Robot BasicsThe vast majority of robots do have several qualities in common. First of all, almost all robots have a movable body. Some only have motorized wheels, and others have dozens of movable segments, typically made of metal or plastic. Like the bones in your body, the individual segments are connected together with joints. Robots spin wheels and pivot jointed segments with some sort of actuator. Some robots use electric motors and solenoids as actuators; some use a hydraulic system; and some use a pneumatic system (a system driven by compressed gases). Robots may use all these actuator types. A robot needs a power source to drive these actuators. Most robots either have a battery or they plug into the wall. Hydraulic robots also need a pump to pressurize the hydraulic fluid, and pneumatic robots need an air compressor or compressed air tanks.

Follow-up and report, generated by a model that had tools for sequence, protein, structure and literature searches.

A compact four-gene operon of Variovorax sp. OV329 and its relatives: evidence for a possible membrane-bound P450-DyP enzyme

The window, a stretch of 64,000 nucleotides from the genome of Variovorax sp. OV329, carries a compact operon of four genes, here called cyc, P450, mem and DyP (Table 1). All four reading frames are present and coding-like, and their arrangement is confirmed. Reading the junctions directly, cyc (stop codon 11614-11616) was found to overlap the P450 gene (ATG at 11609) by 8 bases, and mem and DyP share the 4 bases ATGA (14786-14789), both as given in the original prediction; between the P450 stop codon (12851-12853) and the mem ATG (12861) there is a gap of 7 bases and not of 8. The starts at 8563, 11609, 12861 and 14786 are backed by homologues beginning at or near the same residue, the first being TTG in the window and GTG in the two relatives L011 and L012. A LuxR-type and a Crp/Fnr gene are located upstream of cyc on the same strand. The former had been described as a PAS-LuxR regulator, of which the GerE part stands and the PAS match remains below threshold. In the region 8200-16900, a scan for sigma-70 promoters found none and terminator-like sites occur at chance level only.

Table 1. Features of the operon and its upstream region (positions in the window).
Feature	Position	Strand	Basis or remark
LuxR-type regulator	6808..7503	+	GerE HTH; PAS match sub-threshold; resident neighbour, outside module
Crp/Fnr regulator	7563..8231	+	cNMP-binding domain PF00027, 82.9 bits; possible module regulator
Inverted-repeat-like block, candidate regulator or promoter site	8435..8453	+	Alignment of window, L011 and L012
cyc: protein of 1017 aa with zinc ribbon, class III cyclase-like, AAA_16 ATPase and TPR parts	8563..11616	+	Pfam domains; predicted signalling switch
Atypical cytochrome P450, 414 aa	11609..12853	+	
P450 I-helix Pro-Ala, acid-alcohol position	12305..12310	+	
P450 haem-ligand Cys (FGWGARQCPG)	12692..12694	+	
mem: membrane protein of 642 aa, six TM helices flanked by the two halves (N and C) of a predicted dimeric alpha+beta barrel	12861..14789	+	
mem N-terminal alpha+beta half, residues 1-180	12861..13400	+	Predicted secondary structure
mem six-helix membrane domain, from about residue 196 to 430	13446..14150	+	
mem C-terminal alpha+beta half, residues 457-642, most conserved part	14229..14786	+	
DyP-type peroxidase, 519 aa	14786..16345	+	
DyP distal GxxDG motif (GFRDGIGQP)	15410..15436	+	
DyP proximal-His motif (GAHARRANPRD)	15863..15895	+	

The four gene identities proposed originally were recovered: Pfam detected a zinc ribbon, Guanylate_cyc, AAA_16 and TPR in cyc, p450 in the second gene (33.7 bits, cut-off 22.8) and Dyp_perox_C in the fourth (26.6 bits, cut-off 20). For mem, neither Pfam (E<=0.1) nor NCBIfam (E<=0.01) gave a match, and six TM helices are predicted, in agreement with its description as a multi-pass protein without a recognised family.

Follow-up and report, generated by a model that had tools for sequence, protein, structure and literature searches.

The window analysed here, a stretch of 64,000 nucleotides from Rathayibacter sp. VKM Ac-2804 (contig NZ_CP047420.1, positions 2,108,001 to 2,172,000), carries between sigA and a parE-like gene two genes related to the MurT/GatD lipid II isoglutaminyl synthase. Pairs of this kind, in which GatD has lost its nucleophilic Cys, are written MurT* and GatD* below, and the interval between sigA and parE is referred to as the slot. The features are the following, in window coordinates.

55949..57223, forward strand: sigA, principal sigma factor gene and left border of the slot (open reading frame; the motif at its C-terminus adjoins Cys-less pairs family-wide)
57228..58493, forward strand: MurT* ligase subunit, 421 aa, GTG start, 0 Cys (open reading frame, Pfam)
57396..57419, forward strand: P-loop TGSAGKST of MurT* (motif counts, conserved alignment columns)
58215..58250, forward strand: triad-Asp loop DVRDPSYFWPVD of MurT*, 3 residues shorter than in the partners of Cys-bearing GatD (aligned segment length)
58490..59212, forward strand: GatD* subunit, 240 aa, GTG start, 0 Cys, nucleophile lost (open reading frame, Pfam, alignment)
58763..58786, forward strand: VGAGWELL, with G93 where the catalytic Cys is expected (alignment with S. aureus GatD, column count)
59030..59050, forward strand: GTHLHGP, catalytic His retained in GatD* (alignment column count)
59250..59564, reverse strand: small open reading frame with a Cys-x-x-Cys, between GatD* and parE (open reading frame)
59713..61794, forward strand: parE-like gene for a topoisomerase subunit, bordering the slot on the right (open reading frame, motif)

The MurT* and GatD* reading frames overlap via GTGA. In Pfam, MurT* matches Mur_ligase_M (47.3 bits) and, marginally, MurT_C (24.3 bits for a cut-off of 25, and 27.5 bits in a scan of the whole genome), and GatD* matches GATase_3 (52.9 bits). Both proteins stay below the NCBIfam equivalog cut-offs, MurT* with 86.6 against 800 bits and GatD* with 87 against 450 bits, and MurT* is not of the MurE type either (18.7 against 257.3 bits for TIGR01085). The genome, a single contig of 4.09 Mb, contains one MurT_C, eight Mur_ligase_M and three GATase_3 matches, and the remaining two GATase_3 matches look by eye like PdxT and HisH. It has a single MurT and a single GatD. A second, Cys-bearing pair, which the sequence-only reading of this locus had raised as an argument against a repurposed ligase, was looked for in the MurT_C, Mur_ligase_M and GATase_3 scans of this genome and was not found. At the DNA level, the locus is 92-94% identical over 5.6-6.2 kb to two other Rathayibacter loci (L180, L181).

Photo courtesy NASA

The actuators are all wired to an electrical circuit. The circuit powers electrical motors and solenoids directly, and it activates the hydraulic system by manipulating electrical valves. The valves determine the pressurized fluid's path through the machine. To move a hydraulic leg, for example, the robot's controller would open the valve leading from the fluid pump to a piston cylinder attached to that leg. The pressurized fluid would extend the piston, swiveling the leg forward. Typically, in order to move their segments in two directions, robots use pistons that can push both ways.

A robotic hand, developed by NASA, is made up of metal segments moved by tiny motors. The hand is one of the most difficult structures to replicate in robotics.

The robot's computer controls everything attached to the circuit. To move the robot, the computer switches on all the necessary motors and valves. Most robots are reprogrammable -- to change the robot's behavior, you simply write a new program to its computer.

Photo courtesy NASA JPL

NASA's Urbie climbing stairs